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Businesses count the cost of not investing in a healthy workforce

CSP press release published on 12 October 2010

More than half of workers feel their boss doesn't care about their health

UK employers are missing out on millions of pounds each year by failing to invest in the health and wellbeing of their staff, a new report published today by the Chartered Society of Physiotherapy (CSP) reveals.

Sickness Costs shows that organisations and companies that provide workplace benefits such as physiotherapy services make significant savings through higher productivity and fewer absences caused by conditions such as back pain and joint injuries, which are known as musculoskeletal disorders (MSDs).

A survey for the report suggested employers are unaware of the potential savings and do not recognise the consequences of failing to act on MSDs, which affect 550,000 people across the UK, according to the Health and Safety Executive, making it the most common work-related health problem.

The CSP is concerned that the attitudes of some employers may stop staff seeking help for health problems that may be preventable.

The survey found that in the UK:

  • Three in ten managers believe staff who call in sick with an MSD are well enough to work, but just don't want to
  • More than a third (35 per cent) find such absences irritating because others have to take on additional workload, while 22 per cent say it's a drain on their business they cannot afford
  • 50 per cent of workers feel their bosses don't care about their health
  • A quarter of workers fear being sacked or facing redundancy down the line if they take time off sick
  • Nearly two thirds (63 per cent) of small-to-medium enterprises do not provide occupational health services to staff

The survey follows earlier research carried out by the CSP that showed 36 per cent of employees work all day without a lunch-break and 31 per cent experienced physical pain at work at least once a week, putting their health at risk and causing huge cost to employers.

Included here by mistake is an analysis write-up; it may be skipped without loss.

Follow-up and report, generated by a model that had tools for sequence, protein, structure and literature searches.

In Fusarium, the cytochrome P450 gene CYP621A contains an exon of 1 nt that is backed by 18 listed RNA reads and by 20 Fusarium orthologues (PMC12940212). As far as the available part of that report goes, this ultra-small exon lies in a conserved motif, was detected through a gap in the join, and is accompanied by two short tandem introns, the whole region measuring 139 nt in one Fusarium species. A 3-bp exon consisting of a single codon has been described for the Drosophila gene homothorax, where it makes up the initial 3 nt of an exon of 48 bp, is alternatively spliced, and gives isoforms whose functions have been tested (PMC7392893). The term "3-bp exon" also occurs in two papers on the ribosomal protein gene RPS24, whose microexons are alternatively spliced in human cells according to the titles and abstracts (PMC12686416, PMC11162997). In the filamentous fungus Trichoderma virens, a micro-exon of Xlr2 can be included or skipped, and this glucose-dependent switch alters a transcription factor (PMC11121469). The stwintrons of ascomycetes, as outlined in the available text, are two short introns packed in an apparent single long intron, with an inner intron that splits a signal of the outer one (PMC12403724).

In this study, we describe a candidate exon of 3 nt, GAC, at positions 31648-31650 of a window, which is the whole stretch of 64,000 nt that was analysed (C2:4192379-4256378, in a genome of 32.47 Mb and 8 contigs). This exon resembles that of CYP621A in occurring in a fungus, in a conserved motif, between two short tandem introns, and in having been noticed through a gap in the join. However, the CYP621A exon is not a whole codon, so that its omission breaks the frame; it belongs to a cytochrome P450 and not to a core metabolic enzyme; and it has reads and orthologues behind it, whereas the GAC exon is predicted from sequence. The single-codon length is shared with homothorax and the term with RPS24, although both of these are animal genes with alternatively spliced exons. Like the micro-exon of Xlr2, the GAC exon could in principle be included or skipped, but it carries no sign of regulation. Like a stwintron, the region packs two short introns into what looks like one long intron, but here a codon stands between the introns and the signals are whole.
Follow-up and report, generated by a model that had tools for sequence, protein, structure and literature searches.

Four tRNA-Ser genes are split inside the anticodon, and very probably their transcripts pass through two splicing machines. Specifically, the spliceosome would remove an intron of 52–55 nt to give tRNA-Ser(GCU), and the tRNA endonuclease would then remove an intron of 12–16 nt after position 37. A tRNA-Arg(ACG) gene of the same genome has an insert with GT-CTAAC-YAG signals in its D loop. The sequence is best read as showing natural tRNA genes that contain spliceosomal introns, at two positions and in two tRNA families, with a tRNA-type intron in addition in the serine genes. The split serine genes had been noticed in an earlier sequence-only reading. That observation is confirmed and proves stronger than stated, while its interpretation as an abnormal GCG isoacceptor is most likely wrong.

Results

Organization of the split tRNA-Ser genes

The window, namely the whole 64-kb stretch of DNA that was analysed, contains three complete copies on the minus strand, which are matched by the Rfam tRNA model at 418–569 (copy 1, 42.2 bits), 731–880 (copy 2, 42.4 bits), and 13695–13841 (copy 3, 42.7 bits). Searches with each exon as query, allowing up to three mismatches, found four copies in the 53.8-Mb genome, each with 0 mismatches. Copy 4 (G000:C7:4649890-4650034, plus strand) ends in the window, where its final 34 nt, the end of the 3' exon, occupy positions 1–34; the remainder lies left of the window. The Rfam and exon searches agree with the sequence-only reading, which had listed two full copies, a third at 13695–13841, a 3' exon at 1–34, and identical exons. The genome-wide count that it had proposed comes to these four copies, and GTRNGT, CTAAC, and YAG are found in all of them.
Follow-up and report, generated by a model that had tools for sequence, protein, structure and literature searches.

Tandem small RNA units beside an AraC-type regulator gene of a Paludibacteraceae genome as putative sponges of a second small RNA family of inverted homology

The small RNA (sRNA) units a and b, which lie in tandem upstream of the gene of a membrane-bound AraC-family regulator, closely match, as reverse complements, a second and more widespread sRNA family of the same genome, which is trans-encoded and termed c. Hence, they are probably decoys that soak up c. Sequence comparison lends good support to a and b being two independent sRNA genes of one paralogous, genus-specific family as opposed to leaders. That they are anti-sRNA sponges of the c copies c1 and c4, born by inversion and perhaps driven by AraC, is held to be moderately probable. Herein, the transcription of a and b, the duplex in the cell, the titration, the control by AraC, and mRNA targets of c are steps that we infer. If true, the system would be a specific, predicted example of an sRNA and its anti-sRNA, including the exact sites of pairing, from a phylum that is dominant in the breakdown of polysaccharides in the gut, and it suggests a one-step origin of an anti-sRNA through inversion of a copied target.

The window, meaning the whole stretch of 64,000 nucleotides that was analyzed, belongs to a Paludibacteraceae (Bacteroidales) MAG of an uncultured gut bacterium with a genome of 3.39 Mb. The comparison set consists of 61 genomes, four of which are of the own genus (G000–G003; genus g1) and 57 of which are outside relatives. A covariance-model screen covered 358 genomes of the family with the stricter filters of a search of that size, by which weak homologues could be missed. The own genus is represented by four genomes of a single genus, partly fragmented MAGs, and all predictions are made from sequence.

Phil Gray, Chief Executive of the CSP, said: "We recognise it is tempting in difficult economic times for businesses to cut back on health and wellbeing initiatives such as a physiotherapy service.

"But that is a false economy, because ignoring a recurring condition can potentially lead to lower productivity and high temporary staffing costs.

"We are calling on employers to follow the lead of companies highlighted in the report who invest in the health of their staff."
Statistics from the Work Foundation reveal that absences from work caused by MSDs alone cost society about £7.4 billion a year. And research by the Sainsbury Centre for Mental Health show a further £15 billion is lost through 'presenteeism' where staff are at work but performing below their full potential because they are unwell.

Sickness Costs shows Anglian Water was able to achieve a return on investment of £3 for every £1 spent on physiotherapy services. In addition, claims for back pain reduced by 50 per cent and ill health retirement by 90 per cent.

Royal Mail achieved similar benefits, with their programme providing a return of approximately £5 for every £1 invested.

Ann Green, Chair of the CSP, said: "The findings in our report should be of real concern to all of us as they suggest a culture in which staff with genuine illness or injury are encouraged to work, rather than get appropriate treatment.